How Tax and Brokerage Rules Restrict Realtors

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Ontario based realtors are under a significant tax disadvantage due to some confusing combination of the rules related to their professional body (The Real Estate Council of Ontario also known as RECO) and the provincial government.

In contrast to other provinces, realtors in Ontario are effectively prevented from operating their professional activities through a corporation despite many years of discussions and lobbying. There is no reason to believe that “the powers that be” will change their views anytime soon. Perhaps insignificant for the 80% majority of the realtors (that old 80/20 rule), however, for the remainder and those who wish to be part of the roughly top 20%, this is or will be an enormous tax issue restricting growth and ultimately restricting the choices available to realtors to deploy after-tax funds to their businesses, families, and charities for example.

This frustration has resulted in some of the larger brokerages allowing their top realtors to create a sub-brokerage and thus incorporate, but this strategy to date has been met with a great deal of hesitation from our observations on the part of both brokers and realtors. Consideration now to creating one’s own brokerage which would meet the professional and provincial requirements for incorporation may gain momentum for those refusing to wait any longer.

Economically, what are we talking about? In Ontario, with the last provincial budget lowering the threshold where maximum tax brackets are met, it takes relatively little to reach practically maximum tax brackets. With a taxable income of only $220,000 and up, an Ontario realtor can pay tax at just under 50% (to keep the numbers simple). At roughly $44,000 the tax rate is approximately 31% while at approximately $88,000 one is in the 43% area for a tax rate in 2014. Contrast this with a rate of 15.5% in a corporation for the first $500,000 of taxable income. You don’t need to be much of an accountant to figure out that at relatively low amounts of net income there is room for significant tax savings at even modest amounts of income, let alone those who are or will be more robust performers. While we must appreciate that a certain level of income is typically needed for the family to pay for household expenses, we haven’t even talked about the advantages of income splitting and long-term planning.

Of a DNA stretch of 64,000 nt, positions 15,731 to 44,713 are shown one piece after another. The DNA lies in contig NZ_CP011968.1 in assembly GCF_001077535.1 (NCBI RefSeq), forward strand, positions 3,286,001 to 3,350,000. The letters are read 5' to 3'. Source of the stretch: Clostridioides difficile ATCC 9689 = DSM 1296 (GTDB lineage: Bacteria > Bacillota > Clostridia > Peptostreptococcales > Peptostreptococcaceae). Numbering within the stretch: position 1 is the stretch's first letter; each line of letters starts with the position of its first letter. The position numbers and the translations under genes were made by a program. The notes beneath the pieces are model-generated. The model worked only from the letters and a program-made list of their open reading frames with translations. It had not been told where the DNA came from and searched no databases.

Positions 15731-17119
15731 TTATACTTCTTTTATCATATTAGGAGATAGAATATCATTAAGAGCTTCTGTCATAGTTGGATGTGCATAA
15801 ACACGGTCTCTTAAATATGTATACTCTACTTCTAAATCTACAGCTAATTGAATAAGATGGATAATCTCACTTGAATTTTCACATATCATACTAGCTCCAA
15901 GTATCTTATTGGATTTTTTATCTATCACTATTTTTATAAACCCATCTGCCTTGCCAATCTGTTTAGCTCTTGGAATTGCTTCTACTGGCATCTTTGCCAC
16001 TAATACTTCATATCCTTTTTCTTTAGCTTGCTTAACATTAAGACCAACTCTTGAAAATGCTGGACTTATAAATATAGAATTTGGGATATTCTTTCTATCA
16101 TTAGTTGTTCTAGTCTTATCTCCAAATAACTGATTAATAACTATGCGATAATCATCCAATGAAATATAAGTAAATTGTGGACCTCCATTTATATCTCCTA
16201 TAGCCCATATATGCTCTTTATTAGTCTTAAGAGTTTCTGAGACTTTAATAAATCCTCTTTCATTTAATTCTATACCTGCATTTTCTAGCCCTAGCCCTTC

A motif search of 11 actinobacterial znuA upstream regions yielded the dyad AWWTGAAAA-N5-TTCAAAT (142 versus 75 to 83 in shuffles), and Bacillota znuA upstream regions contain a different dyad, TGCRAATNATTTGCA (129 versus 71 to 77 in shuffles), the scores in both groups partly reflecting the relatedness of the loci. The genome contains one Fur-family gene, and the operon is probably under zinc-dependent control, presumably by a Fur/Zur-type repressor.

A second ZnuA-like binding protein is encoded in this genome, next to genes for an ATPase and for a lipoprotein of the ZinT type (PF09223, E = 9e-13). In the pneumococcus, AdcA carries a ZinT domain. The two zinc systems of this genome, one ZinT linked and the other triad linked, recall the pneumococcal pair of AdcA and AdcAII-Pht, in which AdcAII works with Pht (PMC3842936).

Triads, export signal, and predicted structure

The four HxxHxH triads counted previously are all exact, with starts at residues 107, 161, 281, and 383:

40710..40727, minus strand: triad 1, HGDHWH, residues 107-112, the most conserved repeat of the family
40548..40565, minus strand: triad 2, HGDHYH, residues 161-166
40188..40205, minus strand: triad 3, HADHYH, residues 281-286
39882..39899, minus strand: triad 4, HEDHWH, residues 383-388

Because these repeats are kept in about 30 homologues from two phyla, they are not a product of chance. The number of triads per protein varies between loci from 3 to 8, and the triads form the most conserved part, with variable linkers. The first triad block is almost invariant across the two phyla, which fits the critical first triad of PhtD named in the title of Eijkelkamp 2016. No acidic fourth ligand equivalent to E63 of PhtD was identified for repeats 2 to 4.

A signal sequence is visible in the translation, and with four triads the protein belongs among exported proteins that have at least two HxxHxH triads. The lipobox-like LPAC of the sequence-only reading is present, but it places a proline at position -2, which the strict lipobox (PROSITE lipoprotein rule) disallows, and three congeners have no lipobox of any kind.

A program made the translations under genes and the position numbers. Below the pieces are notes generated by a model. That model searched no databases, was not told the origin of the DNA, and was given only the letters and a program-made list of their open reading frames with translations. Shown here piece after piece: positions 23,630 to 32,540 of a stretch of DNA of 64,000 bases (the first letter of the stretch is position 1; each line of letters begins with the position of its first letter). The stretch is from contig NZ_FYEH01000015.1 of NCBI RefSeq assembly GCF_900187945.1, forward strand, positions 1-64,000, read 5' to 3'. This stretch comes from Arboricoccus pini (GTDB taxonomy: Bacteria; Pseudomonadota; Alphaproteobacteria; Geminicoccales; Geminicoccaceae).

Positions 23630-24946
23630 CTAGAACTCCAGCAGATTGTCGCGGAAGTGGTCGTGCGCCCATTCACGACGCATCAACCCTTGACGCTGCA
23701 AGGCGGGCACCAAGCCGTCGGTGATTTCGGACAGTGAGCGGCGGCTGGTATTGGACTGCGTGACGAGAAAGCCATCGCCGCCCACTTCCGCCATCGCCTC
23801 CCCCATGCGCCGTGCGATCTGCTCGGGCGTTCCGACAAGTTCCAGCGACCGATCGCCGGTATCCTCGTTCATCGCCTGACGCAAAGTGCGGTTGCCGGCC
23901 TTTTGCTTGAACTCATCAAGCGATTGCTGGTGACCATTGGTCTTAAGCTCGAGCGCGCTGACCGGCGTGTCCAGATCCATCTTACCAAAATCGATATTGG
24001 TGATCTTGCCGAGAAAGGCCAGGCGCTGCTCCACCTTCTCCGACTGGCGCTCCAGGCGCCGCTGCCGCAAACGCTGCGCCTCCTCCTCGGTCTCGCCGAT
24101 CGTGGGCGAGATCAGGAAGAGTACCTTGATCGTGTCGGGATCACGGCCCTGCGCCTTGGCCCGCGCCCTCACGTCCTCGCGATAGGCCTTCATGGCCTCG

Let’s put this in a different way. For someone who is able to retain or split income with $100,000, their tax savings in using a corporation as compared to conducting their realtor activities as an individual could be approximately $35,000. This is $35,000 annually. Not once, not twice, but every year where the profits allow. A risk-free rate of return (ignoring changes to tax rules and rates). Said another way, practically a risk-free rate of return of 35%, yes 35%, less the cost of compliance if you can set up a brokerage for your professional activities. Well, at 35%, you can afford a fair bit in compliance costs. And if someone else is taking care of most of the compliance, from a tax perspective if you can maintain your revenues, this seems like a no-brainer.